Jordan Harbinger: [00:33:14] Is there anyone you would not represent on moral grounds? And I know this is a sort of a legal philosophy question that we went through back at the University of Michigan Law School back in the day, but I think again, for non-lawyers, they have trouble wrapping their heads around this kind of thing.

Mark Geragos: [00:33:29] You take it off, especially in California under 6068 of the BMP code that you’re to zealously represent and not turn down a client just because of their, for lack of a better term, notorious nature. I’ve never turned somebody down because the case was notorious and I’ve, you know, represented at various times, probably the most hated men in America. I do however, once again, I’ll invoke Scalia. He used to say, “Well, why can’t lawyers make a choice? They make choices all the time on whether a client can pay.” I, at this point, will make choices based on whether or not I want to deal with the client. I mean is life is too short. If the client’s just an asshole, I generally don’t want to deal with it. And that’s just more out of personal preference than morality however.

Jordan Harbinger: [00:34:21] I think that makes sense. Yeah, life is definitely too short to deal with people that you don’t want to deal with, especially if you’re helping them and they’re a prick. It’s like, “Come on man, you don’t have enough money for this.”

Mark Geragos: [00:34:29] That’s kind of what I said, but I can’t tell you how often I say “no good deed goes unpunished.” It’s generally true.

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[00:36:03] How different is the skill of advocating in the courtroom? Different from advocating in public because you have to do both. You especially have to do both. Most lawyers can get away with courtroom stuff, but with your clients, you’ve got to walk behind Michael Jackson. You’ve got to stand next to Chris Brown and you’ve got to walk him in there because if you don’t, it looks like something’s wrong. And these have to be different skill sets because you can say and do totally different things inside and outside and in fact you can’t do the same thing that you would in a courtroom in front of a bunch of journalists who are going to try to spin it and use it against your client.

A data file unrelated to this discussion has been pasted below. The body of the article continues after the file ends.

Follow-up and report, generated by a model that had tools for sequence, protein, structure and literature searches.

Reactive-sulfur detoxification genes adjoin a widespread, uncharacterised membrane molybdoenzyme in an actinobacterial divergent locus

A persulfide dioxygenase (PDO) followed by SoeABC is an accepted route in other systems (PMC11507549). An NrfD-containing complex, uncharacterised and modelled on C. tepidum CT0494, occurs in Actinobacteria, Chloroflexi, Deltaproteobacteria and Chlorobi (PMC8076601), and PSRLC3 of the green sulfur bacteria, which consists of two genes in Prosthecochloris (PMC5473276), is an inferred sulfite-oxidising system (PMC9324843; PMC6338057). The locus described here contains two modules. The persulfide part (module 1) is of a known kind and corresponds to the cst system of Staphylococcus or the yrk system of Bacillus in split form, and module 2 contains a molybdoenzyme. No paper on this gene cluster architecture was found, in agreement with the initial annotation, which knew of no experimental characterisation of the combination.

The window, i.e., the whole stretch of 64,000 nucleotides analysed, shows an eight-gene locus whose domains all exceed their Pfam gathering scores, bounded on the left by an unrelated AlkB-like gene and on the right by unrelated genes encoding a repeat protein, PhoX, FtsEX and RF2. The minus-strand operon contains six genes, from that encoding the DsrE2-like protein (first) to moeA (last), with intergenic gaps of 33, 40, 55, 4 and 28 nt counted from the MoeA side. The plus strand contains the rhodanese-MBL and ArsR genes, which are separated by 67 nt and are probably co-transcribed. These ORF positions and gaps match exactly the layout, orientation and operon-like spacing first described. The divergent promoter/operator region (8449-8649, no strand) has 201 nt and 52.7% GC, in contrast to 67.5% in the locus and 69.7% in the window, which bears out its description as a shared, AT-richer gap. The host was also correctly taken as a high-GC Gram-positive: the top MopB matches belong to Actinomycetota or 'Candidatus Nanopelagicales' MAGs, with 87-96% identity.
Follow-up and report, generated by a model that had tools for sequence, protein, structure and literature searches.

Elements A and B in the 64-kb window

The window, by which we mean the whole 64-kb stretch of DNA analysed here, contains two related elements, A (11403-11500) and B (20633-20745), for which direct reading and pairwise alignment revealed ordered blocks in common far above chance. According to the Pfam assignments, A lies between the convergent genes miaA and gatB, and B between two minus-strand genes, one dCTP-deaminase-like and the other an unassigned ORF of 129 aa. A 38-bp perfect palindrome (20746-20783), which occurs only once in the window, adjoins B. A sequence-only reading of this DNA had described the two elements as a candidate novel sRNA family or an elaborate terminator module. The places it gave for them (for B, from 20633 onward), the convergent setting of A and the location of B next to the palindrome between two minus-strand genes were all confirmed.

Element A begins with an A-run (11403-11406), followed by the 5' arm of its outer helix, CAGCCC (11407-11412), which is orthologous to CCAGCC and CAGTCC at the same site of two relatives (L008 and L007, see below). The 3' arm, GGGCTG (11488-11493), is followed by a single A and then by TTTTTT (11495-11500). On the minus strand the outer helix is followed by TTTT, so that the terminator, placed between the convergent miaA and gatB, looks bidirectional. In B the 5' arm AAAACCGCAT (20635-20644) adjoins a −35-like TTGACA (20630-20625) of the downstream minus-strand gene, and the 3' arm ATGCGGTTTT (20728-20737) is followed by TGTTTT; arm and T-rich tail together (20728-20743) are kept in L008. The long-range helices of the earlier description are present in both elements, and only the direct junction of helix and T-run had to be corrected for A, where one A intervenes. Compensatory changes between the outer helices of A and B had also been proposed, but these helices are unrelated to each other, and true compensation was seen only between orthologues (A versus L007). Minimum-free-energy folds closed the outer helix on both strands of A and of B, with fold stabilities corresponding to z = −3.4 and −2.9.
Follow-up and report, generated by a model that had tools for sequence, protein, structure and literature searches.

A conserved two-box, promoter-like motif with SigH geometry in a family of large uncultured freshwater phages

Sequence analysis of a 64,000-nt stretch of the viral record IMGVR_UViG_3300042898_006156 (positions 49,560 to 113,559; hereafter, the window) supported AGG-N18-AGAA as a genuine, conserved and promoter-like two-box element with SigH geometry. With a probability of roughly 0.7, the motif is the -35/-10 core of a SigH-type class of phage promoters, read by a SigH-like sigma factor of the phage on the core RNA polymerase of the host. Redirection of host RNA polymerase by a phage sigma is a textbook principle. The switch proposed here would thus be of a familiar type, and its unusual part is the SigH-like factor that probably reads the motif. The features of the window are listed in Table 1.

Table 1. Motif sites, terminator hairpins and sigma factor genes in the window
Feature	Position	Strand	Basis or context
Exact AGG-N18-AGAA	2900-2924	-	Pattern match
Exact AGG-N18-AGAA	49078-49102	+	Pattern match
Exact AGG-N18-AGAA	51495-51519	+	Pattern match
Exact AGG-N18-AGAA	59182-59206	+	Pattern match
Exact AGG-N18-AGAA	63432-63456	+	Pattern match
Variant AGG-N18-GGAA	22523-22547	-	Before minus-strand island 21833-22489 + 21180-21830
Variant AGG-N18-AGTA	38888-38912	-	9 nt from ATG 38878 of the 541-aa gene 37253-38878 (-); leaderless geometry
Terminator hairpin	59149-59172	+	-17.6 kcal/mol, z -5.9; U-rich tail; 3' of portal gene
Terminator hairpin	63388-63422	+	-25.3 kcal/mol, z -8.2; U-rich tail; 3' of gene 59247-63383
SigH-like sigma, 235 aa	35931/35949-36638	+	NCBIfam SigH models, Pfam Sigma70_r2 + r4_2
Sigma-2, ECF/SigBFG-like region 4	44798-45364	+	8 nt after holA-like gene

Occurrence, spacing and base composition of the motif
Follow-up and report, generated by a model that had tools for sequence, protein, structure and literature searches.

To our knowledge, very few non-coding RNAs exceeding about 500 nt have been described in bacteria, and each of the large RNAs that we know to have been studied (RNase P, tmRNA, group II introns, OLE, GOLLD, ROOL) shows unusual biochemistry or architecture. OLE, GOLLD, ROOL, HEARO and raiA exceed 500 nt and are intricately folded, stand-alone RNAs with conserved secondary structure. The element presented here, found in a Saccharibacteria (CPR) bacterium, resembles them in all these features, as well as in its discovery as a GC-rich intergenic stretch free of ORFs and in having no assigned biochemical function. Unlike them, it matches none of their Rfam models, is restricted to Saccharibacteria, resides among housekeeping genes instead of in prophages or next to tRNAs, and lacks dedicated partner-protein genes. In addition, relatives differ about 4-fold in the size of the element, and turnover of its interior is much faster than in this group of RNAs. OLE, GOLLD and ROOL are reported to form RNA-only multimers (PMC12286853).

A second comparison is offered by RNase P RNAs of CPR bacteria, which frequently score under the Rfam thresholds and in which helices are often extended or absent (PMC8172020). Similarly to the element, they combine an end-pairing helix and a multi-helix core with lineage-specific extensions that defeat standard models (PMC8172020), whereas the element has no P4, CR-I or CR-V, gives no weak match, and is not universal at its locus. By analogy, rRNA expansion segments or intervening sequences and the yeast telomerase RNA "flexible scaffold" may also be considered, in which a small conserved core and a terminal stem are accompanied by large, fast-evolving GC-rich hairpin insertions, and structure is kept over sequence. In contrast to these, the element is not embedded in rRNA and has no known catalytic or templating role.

Mark Geragos: [00:36:39] Yeah, I mean you’ve hit on the balancing act. You have to understand basically who your audience is in any particular case. Sometimes if it’s a case that I know for instance, is never going to go to jury trial, my audience may be the prosecutor and the judge. And so I may take a different tact than I would. If I know a case was going to have to be tried and it’s going to be in the jury pool, then I’ve got a duty to respond to whatever the prosecution’s doing in terms of painting a picture of my client. Otherwise, as you accurately summed up, there was a real problem because by the time I get to picking a jury, I may be so far behind the eight-ball that it doesn’t matter what goes on in the courtroom with the evidence that we’re never going to get past the jury selection.

[00:37:30] So you have to think that through and you have to understand it. You also have to understand that what goes on in the court courtroom, you pick your battles in what hills you want to die on. Certain judges you may know and you may know because you’ve been in front of them before, you may know what their inclinations are, you may know where they’re going to, or what they may find to be appropriate, inappropriate and you have to be able, I always tell my young lawyers especially that the one thing you have to do as a lawyer is always remain fluid. You know, the old expression that — I never met a battle plan that survived the first clash — could not be a more apt aphorism for how to practice law and how to try cases. Because every case has got a life of its own. You’ve got to stay fluid, you got to be nimble and you’ve got to be able to move and understand that at certain points, your strategy so to speak, is going to change dramatically.